5. Think about what you need in a replacement, and begin recruiting. Don’t just automatically post the same job description that you used last time. Take this opportunity to think about what you really need in the role and how it might have changed over time. Make sure that you’re hiring for what you need today, not what you needed when that dusty job description was first written. Once you’re clear on that, swing into recruiting mode immediately – hiring well takes time, and generally the sooner you start, the better.

{ 39 comments… read them below }

  1. E.R*

    When I resigned from my last job (where I was a high performer who got along with everyone) I gave three weeks notice, and included a solid transition plan in my resignation. My boss handled it soooo poorly – he started off a bit surprised, and then quickly started berating me, telling me I lack integrity for quitting, that I couldn’t put the job on my resume (I worked there for 1.5 years and of course I include it on my resume) and that I would fail at my new job and he would never take me back when that happened. He also told me that I should just walk out, rather than work my notice, and when I politely refused, he fired me.

    So, even though the job itself wasn’t so bad, and I might have otherwise recommended the company to people who are interested in the industry (as I do with other former employers) I will never, ever recommend to anyone that they devote any of their professional life to that company, given how they treated me when I resigned.

      1. Seal*

        I hope you were able to let HR know how your boss reacted – that’s total BS on his part.

        1. E.R*

          Ah, there was no HR department! He was the owner’s son, so could get away with anything. A toxic environment for sure, just happy I no longer work there.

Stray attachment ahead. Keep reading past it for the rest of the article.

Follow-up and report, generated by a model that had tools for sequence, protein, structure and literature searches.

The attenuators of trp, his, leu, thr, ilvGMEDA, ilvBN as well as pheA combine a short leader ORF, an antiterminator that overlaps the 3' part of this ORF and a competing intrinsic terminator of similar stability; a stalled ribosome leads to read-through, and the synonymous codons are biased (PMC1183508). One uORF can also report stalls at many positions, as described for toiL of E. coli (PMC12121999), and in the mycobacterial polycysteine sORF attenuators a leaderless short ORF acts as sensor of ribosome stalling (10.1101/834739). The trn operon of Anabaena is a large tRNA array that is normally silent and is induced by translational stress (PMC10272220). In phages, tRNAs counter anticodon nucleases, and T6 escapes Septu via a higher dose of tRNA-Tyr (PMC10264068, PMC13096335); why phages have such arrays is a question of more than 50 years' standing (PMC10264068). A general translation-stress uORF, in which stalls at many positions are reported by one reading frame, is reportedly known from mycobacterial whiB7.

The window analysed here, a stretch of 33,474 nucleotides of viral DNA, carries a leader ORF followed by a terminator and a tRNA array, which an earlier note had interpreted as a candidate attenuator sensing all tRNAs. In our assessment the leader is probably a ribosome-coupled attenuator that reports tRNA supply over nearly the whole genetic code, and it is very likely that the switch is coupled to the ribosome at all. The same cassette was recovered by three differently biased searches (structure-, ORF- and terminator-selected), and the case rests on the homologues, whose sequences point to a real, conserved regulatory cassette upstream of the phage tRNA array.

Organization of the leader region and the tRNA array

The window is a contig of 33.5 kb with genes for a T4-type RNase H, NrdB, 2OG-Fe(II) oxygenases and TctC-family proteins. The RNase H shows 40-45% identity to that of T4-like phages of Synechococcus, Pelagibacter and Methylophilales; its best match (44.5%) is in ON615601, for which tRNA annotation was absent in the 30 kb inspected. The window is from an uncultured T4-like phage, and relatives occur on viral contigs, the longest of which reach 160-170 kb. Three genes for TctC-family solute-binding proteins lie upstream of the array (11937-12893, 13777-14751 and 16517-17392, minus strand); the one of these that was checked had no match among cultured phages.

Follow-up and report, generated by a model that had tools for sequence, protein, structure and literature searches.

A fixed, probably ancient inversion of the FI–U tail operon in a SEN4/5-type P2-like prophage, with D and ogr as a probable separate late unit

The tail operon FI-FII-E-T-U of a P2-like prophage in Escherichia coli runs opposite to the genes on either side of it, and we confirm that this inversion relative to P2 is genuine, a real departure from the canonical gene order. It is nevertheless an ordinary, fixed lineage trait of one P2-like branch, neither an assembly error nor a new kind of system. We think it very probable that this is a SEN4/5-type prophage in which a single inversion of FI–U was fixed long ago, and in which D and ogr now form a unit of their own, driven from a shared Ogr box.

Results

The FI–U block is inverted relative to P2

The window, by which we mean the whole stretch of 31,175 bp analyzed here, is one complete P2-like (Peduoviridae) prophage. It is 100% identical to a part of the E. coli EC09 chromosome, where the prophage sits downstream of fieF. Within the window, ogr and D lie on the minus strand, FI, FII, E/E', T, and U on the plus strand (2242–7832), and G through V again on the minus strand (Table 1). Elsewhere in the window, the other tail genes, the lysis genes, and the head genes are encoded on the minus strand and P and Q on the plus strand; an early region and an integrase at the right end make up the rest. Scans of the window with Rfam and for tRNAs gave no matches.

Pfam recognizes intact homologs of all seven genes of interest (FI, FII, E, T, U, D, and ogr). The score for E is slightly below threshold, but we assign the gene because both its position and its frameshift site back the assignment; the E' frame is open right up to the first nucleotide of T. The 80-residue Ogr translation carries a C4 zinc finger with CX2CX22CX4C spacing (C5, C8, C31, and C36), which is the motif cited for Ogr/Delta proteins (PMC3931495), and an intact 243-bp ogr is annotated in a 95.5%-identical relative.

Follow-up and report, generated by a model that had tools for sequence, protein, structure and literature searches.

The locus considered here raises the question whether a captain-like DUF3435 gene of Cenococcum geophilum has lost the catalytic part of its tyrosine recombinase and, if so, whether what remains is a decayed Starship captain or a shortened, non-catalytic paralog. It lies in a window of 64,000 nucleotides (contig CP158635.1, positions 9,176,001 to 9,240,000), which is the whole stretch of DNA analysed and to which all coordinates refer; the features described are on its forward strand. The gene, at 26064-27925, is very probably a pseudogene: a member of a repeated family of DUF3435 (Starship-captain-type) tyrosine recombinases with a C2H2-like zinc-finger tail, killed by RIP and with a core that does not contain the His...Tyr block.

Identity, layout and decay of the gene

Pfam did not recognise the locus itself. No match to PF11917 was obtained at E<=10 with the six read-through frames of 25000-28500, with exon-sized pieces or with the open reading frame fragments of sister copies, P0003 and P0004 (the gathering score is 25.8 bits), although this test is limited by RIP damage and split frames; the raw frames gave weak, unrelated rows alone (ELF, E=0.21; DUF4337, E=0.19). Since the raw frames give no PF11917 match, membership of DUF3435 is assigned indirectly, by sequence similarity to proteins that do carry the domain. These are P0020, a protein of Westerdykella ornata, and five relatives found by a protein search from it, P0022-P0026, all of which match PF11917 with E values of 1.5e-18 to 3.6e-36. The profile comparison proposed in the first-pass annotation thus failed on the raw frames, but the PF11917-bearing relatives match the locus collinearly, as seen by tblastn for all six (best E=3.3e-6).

1. EM*

      Wow, and I thought it was bad when my former boss called me into his office 3 days after I gave my 2 weeks’ notice to inform me that they had decided to accept my resignation right then.

    2. Miss Displaced*

      My current boss did something similar to an employee that quit. And I mean that girl had done nearly everything she could to help the company.

      Even worse, he gave her a bad reference when someplace called about her. Not only did I hear it, he bragged about how he would never tell anyone she was a good worker.

      It’s horrible and I know what I’m up against should I find another job and I try to prepare for it.

  2. Joey*

    I’d also ask her a few key optional questions to help you in the future:

    1. Why is she leaving?
    2. Was she satisfied with the pay?
    3. What did she like about the job/company?
    4. What would she change?

    Otherwise known as an exit interview.

    1. Ask a Manager* Post author

      Yes, absolutely … although I’d also encourage people to do that before anyone is thinking of leaving! Too often, employers only do exit interviews, when in fact they should be doing “stay interviews” with their good performers.

      1. Jamie*

        My boss does that. Touches base every so often to make sure I’m happy and asks about any issues I may have work wise…which is rare since if I have issues I deal with them…I don’t fester when it comes to external problems.